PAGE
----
Broth and veggies boiling away on the table, with the thin slices of meat ready to go.

Broth and veggies boiling away on the table, with the thin slices of meat ready to go.

Fishing out some seaweed (yum)

Fishing out some seaweed (yum)

Randall cooking, again!

Randall cooking, again!

Happy and messy.

Happy and messy.


Another walk was called for so we wandered into the streets of Shibuya…

Randall with shouty neon billboards.

Randall with shouty neon billboards.

…almost immediately coming across what looked like an informal jam session but on the street (not busking – no money being collected) with a group of really great young musicians playing and singing a jazz/hip-hop fusion: Sanabagan

Street music

Street music

Finally we took a little self-guided tour of ‘Love Hotel Hill’:

We think these are instructions on how to enjoy your Love Hotel!

We think these are instructions on how to enjoy your Love Hotel!

Where to pick up supplies for your 'rest' at a Love Hotel

Where to pick up supplies for your ‘rest’ at a Love Hotel

Pink and alarming entrance to shop.

Pink and alarming entrance to shop.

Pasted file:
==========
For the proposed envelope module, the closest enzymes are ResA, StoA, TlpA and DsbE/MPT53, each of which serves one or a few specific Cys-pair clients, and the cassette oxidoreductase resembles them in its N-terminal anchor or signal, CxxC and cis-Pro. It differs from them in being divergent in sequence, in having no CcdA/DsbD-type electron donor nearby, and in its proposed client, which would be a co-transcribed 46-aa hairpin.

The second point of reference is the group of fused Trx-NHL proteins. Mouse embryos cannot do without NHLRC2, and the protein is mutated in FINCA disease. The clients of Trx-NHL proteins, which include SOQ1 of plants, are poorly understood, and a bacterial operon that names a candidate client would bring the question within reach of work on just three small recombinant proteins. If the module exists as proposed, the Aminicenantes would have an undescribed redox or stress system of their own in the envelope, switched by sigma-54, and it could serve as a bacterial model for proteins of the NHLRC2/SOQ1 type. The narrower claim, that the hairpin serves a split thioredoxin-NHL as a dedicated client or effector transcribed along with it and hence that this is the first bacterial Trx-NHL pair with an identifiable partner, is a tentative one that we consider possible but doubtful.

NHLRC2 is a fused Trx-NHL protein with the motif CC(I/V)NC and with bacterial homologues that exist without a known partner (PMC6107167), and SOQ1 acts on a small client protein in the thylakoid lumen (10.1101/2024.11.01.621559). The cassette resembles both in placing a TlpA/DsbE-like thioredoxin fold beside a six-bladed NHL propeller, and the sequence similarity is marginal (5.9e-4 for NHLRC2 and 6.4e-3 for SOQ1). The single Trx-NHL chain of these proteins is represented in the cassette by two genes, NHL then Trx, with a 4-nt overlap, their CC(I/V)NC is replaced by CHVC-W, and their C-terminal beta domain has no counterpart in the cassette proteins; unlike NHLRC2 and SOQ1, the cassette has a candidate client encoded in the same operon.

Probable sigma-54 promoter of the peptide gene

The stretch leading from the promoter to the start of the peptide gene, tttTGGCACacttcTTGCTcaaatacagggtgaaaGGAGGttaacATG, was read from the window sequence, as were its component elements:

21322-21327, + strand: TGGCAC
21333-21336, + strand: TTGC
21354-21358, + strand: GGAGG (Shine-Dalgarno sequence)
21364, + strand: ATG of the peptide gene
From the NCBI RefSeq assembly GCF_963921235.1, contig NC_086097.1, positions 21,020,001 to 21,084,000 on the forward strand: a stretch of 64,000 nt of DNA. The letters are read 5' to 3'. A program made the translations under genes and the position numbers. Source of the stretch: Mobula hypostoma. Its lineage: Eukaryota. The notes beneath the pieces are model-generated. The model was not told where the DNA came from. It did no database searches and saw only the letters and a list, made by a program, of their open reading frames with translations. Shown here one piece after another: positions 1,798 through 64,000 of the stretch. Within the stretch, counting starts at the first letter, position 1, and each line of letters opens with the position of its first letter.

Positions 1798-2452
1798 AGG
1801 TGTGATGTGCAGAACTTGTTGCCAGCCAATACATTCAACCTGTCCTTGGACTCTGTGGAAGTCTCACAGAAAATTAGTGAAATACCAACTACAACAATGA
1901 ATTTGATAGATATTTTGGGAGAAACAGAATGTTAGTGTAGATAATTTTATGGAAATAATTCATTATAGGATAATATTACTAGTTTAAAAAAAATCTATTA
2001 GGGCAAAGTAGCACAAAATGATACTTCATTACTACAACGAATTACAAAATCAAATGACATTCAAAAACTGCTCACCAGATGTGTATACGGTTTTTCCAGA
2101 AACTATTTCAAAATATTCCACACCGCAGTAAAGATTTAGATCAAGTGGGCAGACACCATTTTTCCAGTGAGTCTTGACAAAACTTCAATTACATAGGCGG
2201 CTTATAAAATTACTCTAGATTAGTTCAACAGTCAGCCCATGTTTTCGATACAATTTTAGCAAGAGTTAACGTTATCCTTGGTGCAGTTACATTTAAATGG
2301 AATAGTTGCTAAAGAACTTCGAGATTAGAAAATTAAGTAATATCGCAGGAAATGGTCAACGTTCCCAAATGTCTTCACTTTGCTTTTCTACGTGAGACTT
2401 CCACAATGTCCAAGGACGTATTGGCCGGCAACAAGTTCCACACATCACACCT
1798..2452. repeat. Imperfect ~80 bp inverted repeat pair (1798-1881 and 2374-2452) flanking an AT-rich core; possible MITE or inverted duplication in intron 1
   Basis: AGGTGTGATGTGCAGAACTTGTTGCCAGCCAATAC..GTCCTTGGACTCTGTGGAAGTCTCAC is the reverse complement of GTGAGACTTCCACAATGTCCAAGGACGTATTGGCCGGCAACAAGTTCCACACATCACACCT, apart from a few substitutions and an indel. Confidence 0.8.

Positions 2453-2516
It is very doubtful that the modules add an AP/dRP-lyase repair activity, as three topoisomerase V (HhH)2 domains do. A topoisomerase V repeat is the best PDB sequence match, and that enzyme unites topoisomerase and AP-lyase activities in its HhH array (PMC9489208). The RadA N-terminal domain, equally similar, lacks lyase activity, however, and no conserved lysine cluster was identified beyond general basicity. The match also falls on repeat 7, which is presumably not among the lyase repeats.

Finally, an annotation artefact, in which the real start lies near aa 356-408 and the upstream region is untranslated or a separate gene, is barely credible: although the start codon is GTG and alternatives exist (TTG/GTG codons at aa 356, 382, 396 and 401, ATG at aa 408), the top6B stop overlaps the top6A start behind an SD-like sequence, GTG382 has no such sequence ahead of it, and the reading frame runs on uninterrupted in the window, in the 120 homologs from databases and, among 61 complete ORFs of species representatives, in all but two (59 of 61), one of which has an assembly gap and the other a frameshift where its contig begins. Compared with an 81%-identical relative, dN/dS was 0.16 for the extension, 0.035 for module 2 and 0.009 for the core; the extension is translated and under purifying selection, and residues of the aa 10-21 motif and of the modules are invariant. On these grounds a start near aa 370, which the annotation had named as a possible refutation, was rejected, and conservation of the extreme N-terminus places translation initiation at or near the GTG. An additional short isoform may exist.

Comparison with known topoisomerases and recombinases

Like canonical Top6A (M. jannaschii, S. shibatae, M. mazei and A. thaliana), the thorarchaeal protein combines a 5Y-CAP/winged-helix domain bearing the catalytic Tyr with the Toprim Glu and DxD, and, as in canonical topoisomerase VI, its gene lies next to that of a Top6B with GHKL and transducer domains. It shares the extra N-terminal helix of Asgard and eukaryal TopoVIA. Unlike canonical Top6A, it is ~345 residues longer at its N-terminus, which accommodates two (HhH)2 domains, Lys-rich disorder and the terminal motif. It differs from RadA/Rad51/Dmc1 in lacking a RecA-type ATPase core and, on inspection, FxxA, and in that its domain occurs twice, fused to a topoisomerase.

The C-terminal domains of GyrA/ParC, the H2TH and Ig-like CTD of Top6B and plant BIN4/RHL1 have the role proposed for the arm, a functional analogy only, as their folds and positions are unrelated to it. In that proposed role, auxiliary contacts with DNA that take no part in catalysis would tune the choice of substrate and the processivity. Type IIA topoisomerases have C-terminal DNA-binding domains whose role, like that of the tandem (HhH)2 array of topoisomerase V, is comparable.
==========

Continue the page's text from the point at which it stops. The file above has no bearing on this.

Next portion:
On Tuesday we managed to get up early (5.30!!) in order to go to the Tsukiji Fish Market – the main wholesale fish market in Tokyo and thus for most of Japan. We didn’t bother trying to see the tuna auction as you have to be in the queue from 4.30am, but after a few false starts trying to find the correct entrance to Shibuya station to be able to get onto the Ginza subway line, we managed to catch the 6.01 train out of Shibuya. We’d planned to get out at Shinbashi and walk rather than changing to the line that goes right to the market. As it happened, as we were leaving the train I spotted a chap in wellies carrying a wicker basket so cunningly suggested that we follow him. He scampered out of the station and onto a waiting public bus indicated Tsuikji so we decided to do the same. It turned out that we didn’t have change, but the bus took notes up to 1000 yen; I say the bus took notes as the whole money/change thing was carried out by a mechanism with no input from the driver. Very civilised.